Arctic Monkeys frontman Alex Turner talks Bonnaroo
Nearly a decade after they achieved buzz-band status in America with arch Britpop ditties like “I Bet You Look Good on the Dancefloor” and “Fake Tales of San Francisco,” Arctic Monkeys have become bona fide stadium stars—literally.
Armed with a fuller, Josh Homme-assisted sound and a long-nurtured fan base, the band has graduated to sell-out crowds at venues like Madison Square Garden and L.A.’s Staples Center, both of which they’ll be playing on a massive tour this summer that includes a stop at Tennesee’s Bonaroo Music & Arts Festival this weekend.
We tracked down frontman Alex Turner, 28, on the road in Germany and got him to talk tequila, two-way pagers, and how .
EW: How have the Germans been treating you?
Alex Turner: I just got here. Did a sound check. Then a very nice German lady served me some beef stroganoff, and I was absolutely famished, so that went down a treat. I’m going to talk to you, then take a nap, and I’m going to go play a rock show. It’s not that bad a day, really.
This will be your first Bonnaroo. What do you know about Bonnaroo going into it? Do you have a sense of what it’s like?
Not a great deal, I’ve got to be honest with you. I know we’re going to rip it up, that’s for sure. What can you tell me? It’s in Tennessee, right?
It is, and it’s very remote. It’s properly in the woods. Are you comfortable with being in nature?
Definitely. I can be a woodsman if need be. I grew up very close to some forest, and I spent a lot of my formative years up and down trees, fooling around in the woods. I’m no stranger to that sort of landscape. What are we talking? Ferns? Oak?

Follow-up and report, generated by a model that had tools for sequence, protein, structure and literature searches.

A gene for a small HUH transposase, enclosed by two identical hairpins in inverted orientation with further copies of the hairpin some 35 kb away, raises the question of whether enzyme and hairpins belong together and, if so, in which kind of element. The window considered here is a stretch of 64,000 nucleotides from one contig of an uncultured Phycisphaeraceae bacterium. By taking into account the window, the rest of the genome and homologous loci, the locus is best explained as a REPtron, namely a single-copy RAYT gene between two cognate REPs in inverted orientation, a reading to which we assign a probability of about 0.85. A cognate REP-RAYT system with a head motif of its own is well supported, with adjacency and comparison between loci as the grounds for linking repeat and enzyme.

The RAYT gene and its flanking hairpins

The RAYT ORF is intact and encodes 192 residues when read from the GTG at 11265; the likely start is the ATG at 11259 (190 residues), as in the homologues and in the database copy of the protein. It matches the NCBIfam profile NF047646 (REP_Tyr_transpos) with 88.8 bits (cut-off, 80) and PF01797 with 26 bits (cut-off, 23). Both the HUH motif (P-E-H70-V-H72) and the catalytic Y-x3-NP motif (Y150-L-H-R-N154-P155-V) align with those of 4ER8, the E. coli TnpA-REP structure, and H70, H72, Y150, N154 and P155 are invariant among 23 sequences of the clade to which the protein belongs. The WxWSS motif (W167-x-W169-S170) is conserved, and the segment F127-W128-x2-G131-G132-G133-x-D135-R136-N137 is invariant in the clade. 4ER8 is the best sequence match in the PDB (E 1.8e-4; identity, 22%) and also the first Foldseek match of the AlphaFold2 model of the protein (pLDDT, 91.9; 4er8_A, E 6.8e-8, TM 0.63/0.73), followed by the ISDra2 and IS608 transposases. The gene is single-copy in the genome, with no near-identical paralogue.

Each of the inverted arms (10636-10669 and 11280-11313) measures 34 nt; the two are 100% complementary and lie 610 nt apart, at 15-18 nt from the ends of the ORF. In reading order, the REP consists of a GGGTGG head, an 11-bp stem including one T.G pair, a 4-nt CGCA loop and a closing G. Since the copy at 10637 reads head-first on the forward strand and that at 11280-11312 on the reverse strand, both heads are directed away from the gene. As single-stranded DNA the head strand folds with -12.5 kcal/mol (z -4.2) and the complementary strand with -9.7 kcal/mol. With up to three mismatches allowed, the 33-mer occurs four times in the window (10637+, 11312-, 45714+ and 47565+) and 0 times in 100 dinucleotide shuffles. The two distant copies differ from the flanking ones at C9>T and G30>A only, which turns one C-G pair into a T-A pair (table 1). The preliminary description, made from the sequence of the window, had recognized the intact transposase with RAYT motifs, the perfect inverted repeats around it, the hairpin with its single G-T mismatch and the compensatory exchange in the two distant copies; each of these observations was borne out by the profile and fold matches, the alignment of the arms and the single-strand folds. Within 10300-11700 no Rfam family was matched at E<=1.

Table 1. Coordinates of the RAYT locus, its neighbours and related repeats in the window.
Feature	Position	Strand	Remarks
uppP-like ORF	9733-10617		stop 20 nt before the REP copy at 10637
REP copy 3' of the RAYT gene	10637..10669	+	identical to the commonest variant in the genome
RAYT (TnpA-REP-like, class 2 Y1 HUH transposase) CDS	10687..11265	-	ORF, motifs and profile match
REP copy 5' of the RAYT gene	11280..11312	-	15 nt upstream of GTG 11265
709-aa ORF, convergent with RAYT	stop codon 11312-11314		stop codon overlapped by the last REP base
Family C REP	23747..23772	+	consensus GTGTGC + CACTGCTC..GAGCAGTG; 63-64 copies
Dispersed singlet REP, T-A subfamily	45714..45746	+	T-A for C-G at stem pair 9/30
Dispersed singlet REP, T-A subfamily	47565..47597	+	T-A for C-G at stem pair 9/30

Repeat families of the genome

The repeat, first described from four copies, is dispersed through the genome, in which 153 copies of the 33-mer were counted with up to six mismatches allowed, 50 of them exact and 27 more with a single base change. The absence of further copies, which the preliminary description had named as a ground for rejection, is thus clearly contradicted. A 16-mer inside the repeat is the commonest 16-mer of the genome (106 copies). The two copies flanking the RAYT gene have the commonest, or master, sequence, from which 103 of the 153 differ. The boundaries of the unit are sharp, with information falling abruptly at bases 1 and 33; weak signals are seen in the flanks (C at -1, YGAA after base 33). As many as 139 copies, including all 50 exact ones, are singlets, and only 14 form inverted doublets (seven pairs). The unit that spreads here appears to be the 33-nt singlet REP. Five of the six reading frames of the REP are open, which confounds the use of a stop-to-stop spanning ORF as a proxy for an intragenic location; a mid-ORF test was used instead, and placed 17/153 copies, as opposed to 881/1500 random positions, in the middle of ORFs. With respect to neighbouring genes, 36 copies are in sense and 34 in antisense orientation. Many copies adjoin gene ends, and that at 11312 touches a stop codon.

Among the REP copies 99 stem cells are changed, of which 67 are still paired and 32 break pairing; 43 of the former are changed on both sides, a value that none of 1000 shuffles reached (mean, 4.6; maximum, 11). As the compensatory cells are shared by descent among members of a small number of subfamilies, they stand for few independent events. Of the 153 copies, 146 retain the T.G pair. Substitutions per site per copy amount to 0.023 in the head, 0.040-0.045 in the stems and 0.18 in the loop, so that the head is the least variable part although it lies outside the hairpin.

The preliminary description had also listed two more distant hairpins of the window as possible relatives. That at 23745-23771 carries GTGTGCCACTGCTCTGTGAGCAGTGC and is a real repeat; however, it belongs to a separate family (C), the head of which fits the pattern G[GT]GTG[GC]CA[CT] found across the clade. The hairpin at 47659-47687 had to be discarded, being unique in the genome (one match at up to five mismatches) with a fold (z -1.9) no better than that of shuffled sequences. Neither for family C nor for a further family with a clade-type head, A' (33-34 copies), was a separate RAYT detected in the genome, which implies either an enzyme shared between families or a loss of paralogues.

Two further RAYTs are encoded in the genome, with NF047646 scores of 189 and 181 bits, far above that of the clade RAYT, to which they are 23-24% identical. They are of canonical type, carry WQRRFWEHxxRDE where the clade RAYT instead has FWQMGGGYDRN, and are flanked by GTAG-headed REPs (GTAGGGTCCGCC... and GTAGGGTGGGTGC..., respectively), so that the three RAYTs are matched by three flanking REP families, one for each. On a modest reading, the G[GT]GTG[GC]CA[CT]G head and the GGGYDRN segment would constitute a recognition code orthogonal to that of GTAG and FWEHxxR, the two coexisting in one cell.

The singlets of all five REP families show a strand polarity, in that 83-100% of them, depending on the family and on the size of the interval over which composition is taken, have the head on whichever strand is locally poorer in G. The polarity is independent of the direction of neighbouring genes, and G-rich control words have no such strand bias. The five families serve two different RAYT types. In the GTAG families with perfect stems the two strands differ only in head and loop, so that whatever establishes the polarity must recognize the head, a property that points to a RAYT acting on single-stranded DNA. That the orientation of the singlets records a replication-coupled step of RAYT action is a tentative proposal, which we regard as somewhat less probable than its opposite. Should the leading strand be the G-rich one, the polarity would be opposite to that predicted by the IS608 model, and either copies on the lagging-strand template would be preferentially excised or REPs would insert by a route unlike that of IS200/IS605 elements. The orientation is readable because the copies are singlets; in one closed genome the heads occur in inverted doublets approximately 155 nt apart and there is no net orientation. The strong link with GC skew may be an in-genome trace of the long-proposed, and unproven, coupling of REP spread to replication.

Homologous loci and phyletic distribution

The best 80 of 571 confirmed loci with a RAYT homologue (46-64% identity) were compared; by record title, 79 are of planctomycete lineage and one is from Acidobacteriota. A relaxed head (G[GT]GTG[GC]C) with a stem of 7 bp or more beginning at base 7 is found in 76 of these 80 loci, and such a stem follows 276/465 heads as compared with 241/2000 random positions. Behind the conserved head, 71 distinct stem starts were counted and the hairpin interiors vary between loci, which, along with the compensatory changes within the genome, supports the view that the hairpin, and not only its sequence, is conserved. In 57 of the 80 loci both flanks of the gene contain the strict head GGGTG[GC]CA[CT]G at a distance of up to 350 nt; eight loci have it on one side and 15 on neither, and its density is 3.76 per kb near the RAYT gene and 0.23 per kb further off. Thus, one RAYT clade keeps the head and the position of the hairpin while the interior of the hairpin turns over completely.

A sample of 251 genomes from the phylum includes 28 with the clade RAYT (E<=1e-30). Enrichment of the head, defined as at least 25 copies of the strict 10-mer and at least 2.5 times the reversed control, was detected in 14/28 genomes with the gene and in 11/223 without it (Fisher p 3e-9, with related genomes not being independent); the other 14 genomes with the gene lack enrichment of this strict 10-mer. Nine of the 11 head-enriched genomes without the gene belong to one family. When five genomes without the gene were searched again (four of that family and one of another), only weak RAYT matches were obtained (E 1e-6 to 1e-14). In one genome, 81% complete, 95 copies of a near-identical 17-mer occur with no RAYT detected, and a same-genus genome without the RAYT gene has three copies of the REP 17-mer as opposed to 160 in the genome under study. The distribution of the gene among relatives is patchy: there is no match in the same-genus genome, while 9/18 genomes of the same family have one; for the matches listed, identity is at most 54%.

I think it’s a lot of mighty oak.
Good. I was hoping you’d say that. I’ll have all the oak that you’ve got.
Arctic Monkeys have been playing much bigger places this time around, with a real arena-sized show. What other great rock shows did you draw inspiration from?
Nothing in particular, but I know how I like it to look and how we like it to feel up there. I like it when it’s pretty dark and smoky, that’s important. It’s pretty simple, really.
It bothers me when there’s too much going on in terms of lighting and that. I don’t like to look at that when I’m at a show; if there’s too much going on around us while we’re playing it just doesn’t feel right. But there’s a reason why you want to put production in a big arena or a big outdoor show. So we’ve been trying to do a little more of that lately, but hopefully in a tasteful fashion.
Right. You want to be the same band, but you have to do it in a way that makes sense for where you’re playing. I imagine that’s a difficult line to walk.
It is, because suddenly there’s all these bells and whistles, and figuring out when to stop with that stuff is tricky sometimes. I’m really happy with what we’ve got going on at the moment. I think we’re walking that ridge in an orderly way. We still have a giant f–ing “AM” that lights up. But I think we didn’t blow our load when it comes to the light show. That comes second after the song and the performance. It’s auxiliary to sonics.
Your album from last year, AM, is quite different from where you started. Do you still feel connected to early stuff like “I Bet You Look Good On the Dance Floor”?
That one in particular always used to be fun to play, and now even though it sounds like a different song the way we play it, it’s still a riot. In a way, it sort of feels like we’re doing a cover version of our own song or something, but I’m used to doing that cover version now, and it’s the best cover version anyone’s ever gonna do.